Bu Zhou Fangyin.
"Almost all analysts inside China, including many affiliated with the Ministry of Foreign Affairs, opposed the East China Sea ADIZ...But China’s military, the People’s Liberation Army (PLA), seems to have dominated the decision-making process, ensuring a more aggressive posture."
"there is also the very thorny technical problem of trying to set up an ADIZ over the South China Sea: The more than 40 tiny features in the Spratly Islands occupied by claimant states are very close to one another....How should China determine the radius of its ADIZ from its islands and reefs without creating further tensions with other claimant states?"
By Feng Zhang.
"In late 2013, Beijing started taking a very different approach to sovereignty disputes in the South China Sea...Instead of directly confronting the other regional claimant states, Beijing began the rapid consolidation of, and construction on, the maritime features already under its control."
"Is Beijing changing its strategy in the South China Sea or backing down because of pressure from Washington?...A more accurate way of looking at the issue, however, is to see that Beijing believes it has achieved enough in this round of island construction."
"land reclamation on the current scale and pace is threatening the policy priority of building a maritime Silk Road through Southeast Asia."
"It would be true strategic folly if unrestrained land reclamation serves no significant interests other than to drive ASEAN countries into the arms of the United States."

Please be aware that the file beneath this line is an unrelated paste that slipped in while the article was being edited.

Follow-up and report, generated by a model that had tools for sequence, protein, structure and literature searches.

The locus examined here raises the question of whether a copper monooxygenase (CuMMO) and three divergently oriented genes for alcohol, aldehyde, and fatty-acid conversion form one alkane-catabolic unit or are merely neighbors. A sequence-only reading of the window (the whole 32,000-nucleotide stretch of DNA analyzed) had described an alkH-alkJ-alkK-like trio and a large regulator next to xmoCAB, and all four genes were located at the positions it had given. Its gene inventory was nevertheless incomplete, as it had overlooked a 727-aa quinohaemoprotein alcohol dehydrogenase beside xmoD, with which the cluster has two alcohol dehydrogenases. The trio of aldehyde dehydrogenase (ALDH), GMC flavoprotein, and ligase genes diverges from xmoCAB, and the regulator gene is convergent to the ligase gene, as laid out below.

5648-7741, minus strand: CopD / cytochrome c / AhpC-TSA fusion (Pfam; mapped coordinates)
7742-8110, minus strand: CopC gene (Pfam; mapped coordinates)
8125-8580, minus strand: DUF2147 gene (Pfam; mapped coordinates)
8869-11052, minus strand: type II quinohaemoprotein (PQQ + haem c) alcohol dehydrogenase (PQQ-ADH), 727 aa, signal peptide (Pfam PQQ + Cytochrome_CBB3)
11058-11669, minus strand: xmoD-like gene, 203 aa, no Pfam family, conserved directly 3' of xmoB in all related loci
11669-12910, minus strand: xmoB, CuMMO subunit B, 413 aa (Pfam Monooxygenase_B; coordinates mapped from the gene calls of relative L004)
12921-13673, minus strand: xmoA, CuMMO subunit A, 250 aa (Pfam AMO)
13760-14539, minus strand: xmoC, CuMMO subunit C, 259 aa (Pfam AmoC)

"The signing of the long-expected China-US army dialogue mechanism and the country's upcoming agreement on the air-to-air annex to the code of conduct on military encounters represent a leap forward in the relationship between the countries, analysts have said."
"Guan Youfei, director of the Foreign Affairs Office of the Ministry of National Defense, said afterward that the two armies could hold joint exercises on land next year.
They vowed to reach agreement on the air-to-air annex to the code of conduct before President Xi Jinping visits the US in September.
Major General Yao Yunzhu, a senior researcher at the People's Liberation Army's Academy of Military Science, said, 'The annex on air-to-air encounters aims to prevent crises, while the dialogue mechanism between the armies mainly helps with cooperation.'"
By Robert Zoellick, former president of the World Bank and a former US Trade Representative.
"The greatest mistake the US could make is to lose the initiative in shaping a changing international system. The US should be adroit at connecting fresh prospects to the existing order so as to match new needs."
By Thomas Christensen, Boswell professor of world politics and director of the China and the World Program at Princeton University. Also a former U.S. deputy assistant secretary of state for East Asian and Pacific affairs.
"The U.S. has ways to reduce a threat posed by China’s ability to wage asymmetric warfare. But a future U.S. president might be reluctant to use some of the more effective methods the American military has at its disposal"
"No U.S. president has ever launched robust conventional attacks against the homeland of a nation with nuclear retaliatory capability."
"If the U.S. were to attack missile systems and submarines for the purpose of protecting against conventional attack early in a conflict, Washington could unintentionally compromise portions of China’s nuclear arsenal as well. Chinese leaders could mistakenly view this as an attempt to eliminate China’s nuclear deterrent, risking escalation."